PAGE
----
Come and See

Have you ever been to a department store and not knowing where an item might be located you are looking for, ask a salesperson, where can I find it? Did the salesperson just tell you where it was and left you on our own to find it? Or did they take the time to walk you to where it was located and point it out to you? If so, he or she was walking with you and inviting you to come see where it was rather than just telling you it is located in aisle 10, shelf 3. When someone asks you about your Christian faith, do you just spout theology and your doctrinal beliefs and hand them a Bible and say, read this? Or do you invite them to come with you to church or a bible study and see for themselves? Do you walk with them and ask them to come and see for themselves?

This is what we read about in our Gospel lesson for this week, John 1: 43-51. Nathaniel was skeptical about who Jesus was and the apostle Phillip invites him to come and see for himself. After meeting Jesus, Nathaniel’s eyes and heart is opened to who Jesus is and he professes faith in him. He too will become an apostle. Philip’s words to Nathanael, “Come and see,” are a wonderful model for us in learning how to share our Christian faith with others and invite them into the experience of faith. Talking about our faith is often difficult. But there are many ways to say to others, “Come and see.” Anyone can do it. God does the rest.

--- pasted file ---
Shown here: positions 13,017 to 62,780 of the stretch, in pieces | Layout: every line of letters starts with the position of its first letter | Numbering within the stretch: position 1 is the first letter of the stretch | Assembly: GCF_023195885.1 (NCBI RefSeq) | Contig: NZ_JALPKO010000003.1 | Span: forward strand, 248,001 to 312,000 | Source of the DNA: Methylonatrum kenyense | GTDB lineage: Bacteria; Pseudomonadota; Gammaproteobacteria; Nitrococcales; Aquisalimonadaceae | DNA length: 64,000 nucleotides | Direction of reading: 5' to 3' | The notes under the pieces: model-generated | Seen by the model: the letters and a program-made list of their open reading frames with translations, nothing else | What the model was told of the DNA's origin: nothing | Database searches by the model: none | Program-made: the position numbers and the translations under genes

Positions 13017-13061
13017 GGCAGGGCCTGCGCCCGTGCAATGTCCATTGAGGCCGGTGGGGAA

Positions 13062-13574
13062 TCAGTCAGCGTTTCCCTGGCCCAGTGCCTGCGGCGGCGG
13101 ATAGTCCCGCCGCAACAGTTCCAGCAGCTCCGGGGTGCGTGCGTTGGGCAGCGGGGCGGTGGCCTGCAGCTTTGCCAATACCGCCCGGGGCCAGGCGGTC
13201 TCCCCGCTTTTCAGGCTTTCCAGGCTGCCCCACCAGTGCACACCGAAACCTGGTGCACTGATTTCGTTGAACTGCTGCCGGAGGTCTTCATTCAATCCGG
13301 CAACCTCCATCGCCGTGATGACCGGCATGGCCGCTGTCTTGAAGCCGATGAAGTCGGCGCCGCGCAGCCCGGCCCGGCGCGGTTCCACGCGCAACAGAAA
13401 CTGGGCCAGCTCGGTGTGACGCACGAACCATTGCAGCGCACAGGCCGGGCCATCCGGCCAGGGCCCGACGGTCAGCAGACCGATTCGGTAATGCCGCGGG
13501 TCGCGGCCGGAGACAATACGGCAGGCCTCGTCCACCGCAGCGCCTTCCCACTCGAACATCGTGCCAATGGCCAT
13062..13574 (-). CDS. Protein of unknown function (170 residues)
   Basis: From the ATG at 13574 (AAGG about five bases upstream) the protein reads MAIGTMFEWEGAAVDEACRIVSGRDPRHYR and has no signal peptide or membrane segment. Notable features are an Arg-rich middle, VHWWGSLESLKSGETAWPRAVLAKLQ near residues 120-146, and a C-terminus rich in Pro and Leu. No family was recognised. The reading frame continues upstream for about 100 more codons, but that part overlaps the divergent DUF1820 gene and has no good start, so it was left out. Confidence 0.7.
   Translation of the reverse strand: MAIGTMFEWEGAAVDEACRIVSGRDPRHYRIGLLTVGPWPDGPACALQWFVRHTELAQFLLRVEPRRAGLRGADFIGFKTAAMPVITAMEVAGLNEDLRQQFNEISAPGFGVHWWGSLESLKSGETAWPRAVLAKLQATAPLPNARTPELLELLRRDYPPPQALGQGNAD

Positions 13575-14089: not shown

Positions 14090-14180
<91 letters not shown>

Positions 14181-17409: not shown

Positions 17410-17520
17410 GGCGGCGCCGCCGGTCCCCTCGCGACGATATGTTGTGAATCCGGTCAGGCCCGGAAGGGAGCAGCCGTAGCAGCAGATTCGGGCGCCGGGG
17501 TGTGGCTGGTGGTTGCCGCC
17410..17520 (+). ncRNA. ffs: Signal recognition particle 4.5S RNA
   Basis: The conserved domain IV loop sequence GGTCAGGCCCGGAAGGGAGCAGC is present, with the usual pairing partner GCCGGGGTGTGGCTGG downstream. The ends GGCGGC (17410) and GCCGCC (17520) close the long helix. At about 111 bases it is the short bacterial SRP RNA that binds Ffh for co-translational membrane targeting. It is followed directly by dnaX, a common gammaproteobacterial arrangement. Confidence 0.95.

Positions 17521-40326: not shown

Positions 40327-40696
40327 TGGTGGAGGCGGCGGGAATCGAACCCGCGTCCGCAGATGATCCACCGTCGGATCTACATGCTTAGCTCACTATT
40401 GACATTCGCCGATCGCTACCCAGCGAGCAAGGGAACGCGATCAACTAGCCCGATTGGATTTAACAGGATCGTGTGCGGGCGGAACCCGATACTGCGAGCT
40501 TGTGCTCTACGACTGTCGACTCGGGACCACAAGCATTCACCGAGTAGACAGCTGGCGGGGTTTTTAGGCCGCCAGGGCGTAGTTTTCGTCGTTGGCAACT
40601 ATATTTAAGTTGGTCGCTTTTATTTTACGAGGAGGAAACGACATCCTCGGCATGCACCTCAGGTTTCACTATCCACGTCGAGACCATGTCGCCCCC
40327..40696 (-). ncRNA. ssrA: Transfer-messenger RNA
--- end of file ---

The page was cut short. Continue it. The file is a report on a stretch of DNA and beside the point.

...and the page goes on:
“My religion is a private thing between me and God,” some will say. Well Jesus certainly didn’t feel that way, did he? He shared the Good News with everyone, whether a believer or not and invited all to follow him. In John chapter 38 we read where two of the disciples, Andrew, and Peter, are following him: “When Jesus saw them following, he said to them, ‘What are you looking for?’ They said to him, ‘Rabbi, where are you staying?’ He said to them, “Come and see.” Christianity is not a set of teachings to understand. It is a person to follow. In our passage Sunday we read of Jesus asking Philip to “follow him.” If you step out and walk daily with him, Jesus will answer your questions, and you will discover far more than you even knew to ask. So, like Jesus, asks folks to come and see, and he will take it from there.

“Come and see.” Simple, open, inviting words. “When’s the last time you said to someone, ‘Come and see’?” There are many different ways to say the words. For example, maybe it’s as simple as saying to someone what your church means to you, or how it’s been helpful in your life. Maybe it’s inviting someone to come to church because they’re going through a tough time with business or family troubles. Maybe they’ve had a divorce, they’ve lost a spouse, or they’re lonely. Maybe they have a child who might enjoy the friendship of the youth group. Maybe inviting others is being willing to talk about how you feel God’s been at work in your life.

This is not about forcing Jesus, your faith, or your church, on anyone. It’s about being willing to say to someone in some small way, “This is what gives me life and hope, and keeps me going.” “This is what God’s love means to me.” “This is what my faith has meant to me.”

“Come and see” are words anyone can learn to say. You can say them. I can say them. Don’t worry. You can do it. Try it. You’ll find a way. Just three little words, “Come and see.” God will do the rest.

Blessings, Rev. Tim Pearce


Come and See